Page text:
Rounding the Fringes - May 24


Tropic of Coldness - Deriva

Released: May 7


The latest from the Brussels-based ambient duo, Deriva is a slow-burn album through and through that envisions the peace of finding a safe harbor after traveling through a turbulent and irrational world. Throughout the runtime, the duo oscillates between long, drawn-out textures and more succinct yet still dreamily played notes of guitar and piano. The opening track "Without This Light" leans quite heavily on the textural elements present in the album with cold echoes and a lightly distorted but heavily reverberated guitar carrying the listener through a strange and misty environment.


In fact, it is this "misty" sound that seems to define much of the album with these accentuated points spread throughout in the form of soft keys and guitar. This dynamic comes to full fruition with the third track "La deriva, poi il porto sicuro." As the hazy atmospherics abate near the end, we are left with a lone piano piece that rings out into the stillness created as it brings back into the sparse haze of the final track "The undecided fourth line.' It makes for a beautiful end to a rather mysterious album.

 

Dadlur - Voices From A Brutal Blizzard

Released: March 26


Combining ambient pads and drones with a tasteful but unrelenting amount of black metal influence, Norwegian band Dadlur leaves an impact with their newest album. Rather than just giving a full-fledged assault of noise and metal, they cleverly alternate the dynamic of each track, switching seamlessly between moments of heavy riffs and rapid-fire drums to moments of dark ambiance as the pads and drone play out on their own. Even with this, Voices From A Brutal Blizzard is a black metal album at heart.


The album doesn't shy away from using the aesthetics of noise either. For "Wind I" and "Wind II," extremely low-grade bits of windy sounding noise are employed to great effect alongside the mid-range heavy guitars and airier synths than heard in previous tracks. What I loved most about the album is that Dadlur feels no needs to add vocals to set the atmosphere they want. Just the searing riffs, heavy drums, and the recording aesthetic of the origins of black metal.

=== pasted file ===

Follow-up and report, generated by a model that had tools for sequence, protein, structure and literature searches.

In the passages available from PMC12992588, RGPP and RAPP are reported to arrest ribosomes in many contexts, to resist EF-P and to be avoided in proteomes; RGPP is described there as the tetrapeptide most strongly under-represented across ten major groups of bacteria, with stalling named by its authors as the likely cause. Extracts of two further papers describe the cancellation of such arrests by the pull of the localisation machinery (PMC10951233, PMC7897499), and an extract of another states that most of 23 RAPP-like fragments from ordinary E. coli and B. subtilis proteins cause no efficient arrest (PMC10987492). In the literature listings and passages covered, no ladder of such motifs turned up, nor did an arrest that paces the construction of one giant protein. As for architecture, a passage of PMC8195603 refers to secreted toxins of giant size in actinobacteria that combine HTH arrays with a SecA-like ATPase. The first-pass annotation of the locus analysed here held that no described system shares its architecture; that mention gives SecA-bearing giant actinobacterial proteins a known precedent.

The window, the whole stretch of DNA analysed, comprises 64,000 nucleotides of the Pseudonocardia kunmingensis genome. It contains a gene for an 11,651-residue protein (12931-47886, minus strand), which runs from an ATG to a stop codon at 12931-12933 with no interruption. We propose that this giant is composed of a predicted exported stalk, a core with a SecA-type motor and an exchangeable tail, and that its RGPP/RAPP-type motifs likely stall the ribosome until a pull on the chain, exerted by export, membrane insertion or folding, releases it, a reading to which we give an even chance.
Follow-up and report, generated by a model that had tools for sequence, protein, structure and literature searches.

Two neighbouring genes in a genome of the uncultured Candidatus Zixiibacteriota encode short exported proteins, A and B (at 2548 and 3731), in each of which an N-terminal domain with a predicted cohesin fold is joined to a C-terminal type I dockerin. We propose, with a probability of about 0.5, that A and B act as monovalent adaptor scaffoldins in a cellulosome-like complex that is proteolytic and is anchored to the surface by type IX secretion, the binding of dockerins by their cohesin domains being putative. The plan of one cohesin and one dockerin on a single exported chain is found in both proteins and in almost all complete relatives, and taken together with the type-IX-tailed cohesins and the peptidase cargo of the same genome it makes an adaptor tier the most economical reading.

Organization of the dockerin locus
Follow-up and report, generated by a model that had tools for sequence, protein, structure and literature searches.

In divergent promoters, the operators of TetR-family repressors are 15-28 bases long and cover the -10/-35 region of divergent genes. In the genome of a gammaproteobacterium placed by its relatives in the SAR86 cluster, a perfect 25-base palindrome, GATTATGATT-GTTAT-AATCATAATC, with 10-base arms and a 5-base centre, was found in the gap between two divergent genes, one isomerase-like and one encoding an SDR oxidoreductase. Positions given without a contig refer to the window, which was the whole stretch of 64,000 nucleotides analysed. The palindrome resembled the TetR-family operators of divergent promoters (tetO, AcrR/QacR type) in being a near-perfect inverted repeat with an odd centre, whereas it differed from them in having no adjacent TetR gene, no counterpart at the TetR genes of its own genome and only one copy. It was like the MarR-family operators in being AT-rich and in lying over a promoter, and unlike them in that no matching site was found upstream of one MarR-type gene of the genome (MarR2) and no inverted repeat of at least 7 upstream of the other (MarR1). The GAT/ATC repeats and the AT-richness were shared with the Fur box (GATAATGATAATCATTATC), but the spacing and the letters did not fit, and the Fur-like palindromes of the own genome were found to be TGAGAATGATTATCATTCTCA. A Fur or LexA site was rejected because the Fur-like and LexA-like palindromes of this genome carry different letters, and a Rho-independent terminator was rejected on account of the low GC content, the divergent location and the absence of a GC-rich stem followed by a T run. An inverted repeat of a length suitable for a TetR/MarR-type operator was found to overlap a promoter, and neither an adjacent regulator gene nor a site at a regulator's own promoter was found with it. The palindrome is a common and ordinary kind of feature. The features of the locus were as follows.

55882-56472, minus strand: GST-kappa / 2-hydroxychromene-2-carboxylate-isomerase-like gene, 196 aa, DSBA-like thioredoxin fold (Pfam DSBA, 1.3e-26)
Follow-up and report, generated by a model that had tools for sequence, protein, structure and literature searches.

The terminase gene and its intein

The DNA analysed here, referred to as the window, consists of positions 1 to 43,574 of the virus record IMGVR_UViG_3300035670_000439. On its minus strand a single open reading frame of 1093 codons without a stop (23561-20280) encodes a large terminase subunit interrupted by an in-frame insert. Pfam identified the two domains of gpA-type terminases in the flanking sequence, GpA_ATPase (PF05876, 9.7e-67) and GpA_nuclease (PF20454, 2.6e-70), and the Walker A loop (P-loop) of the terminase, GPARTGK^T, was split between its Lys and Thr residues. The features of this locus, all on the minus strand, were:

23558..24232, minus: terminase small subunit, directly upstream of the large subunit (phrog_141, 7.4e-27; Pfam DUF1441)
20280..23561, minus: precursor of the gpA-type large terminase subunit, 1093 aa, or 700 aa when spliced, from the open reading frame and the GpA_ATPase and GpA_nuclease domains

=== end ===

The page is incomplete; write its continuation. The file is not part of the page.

59 Perlen - Moods

Released: May 6


Working with Shady Ridge Records for a second time, German artist Matthias Rosenkranz brings us another album of chilled-out and house-influenced beats under his solo project name 59 Perlen. It's quite an interesting album, mainly for its quite minimal approach to instrumentation while also including a bit of audio sampling and presumably a few field recordings here and there as well. The most notable use of this audio sampling comes as early as the second track with "Apollo 13" utilizing audio recordings from the actual mission over a layer of deep house drums and smooth arpeggiations. This track even gets a remix treatment from Kh3rtis, giving us something even more spaced out but still retaining a bit of that energy from the original.


While much of the album seems to be firmly centered in the territory of deep house, Rosenkranz moves seamlessly through multiple genres, integrating a few genuinely wild sounds into these compositions. However, whatever bits of experimentation he does throughout, he always keeps it firmly in the realm of house with these solid and driving beats that are varied and interesting while providing a consistent experience over the course of nine tracks.

 

Sophie Sleigh-Johnson - Nuncio Ref!

Released: May 6